Multiple Infarcts Are Associated With Long-Term Stroke Recurrence and All-Cause Mortality in Cryptogenic Stroke Patients
Background and Purpose—Brain infarct patterns that are observed via diffusion-weighted imaging are useful for classifying stroke subtypes. However, it is unclear whether infarct patterns can predict long-term outcomes in cryptogenic stroke patients. Herein, we investigated the association between acute brain infarct patterns and long-term stroke outcomes in cryptogenic stroke patients.
Methods—Acute cryptogenic stroke patients were consecutively enrolled between April 2008 and March 2012. Diffusion-weighted imaging ischemic lesion patterns were classified as single lesions, scattered lesions in one vascular territory, or multiple lesions in multiple vascular territories. Survivors (at discharge) were followed up for 3 years after stroke onset.
Results—A total of 272 cryptogenic stroke patients (132 women; aged 72±13 years) were enrolled. Among these patients, 169 (62.1%) had a single lesion, 38 (14.0%) had scattered lesions, and 65 (23.9%) had multiple lesions. Next, 261 patients (96.0%) were evaluated to assess right-to-left shunting, and 61 patients (23.4%) exhibited right-to-left shunting. On patient admission, right-to-left shunting and increased D-dimer levels were independently associated with multiple lesions but not single or scattered lesions. During the follow-up period (median, 1093 days), 30 patients (11.0%) developed recurrent stroke and 35 patients (12.9%) died. Multivariate Cox proportional hazard analyses showed that multiple infarcts were independently associated with recurrent stroke and all-cause mortality (hazard ratio, 3.79; 95% confidence interval, 2.24–6.37; P<0.001).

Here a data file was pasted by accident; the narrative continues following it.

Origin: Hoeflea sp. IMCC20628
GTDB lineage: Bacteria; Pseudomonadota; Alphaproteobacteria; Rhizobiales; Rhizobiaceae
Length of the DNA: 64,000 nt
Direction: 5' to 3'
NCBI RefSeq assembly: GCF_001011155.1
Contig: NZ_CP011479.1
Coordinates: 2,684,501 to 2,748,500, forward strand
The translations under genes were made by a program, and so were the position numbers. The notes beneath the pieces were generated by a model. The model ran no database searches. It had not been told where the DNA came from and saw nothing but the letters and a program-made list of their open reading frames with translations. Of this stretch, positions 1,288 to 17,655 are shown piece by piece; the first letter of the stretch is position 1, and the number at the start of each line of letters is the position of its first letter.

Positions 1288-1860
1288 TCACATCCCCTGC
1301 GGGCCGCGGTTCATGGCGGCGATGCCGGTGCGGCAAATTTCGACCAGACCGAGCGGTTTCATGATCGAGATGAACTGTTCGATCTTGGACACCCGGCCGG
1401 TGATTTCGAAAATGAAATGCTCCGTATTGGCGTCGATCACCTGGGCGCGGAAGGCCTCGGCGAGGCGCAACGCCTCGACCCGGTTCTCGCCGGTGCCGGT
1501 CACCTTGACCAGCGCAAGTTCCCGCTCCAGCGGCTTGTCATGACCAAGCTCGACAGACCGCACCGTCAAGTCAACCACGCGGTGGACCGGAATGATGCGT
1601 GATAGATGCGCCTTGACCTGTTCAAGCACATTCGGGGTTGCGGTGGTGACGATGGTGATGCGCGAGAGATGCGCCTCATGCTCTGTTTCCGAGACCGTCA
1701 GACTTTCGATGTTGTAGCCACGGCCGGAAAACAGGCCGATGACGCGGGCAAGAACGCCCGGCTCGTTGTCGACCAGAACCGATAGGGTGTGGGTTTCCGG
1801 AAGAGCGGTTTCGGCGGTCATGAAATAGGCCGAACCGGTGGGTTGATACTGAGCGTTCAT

Conclusions—Multiple brain infarcts on diffusion-weighted imaging were independently associated with long-term stroke outcomes in cryptogenic stroke patients.
- Received May 24, 2016.
- Revision received May 24, 2016.
- Accepted June 15, 2016.
- © 2016 American Heart Association, Inc.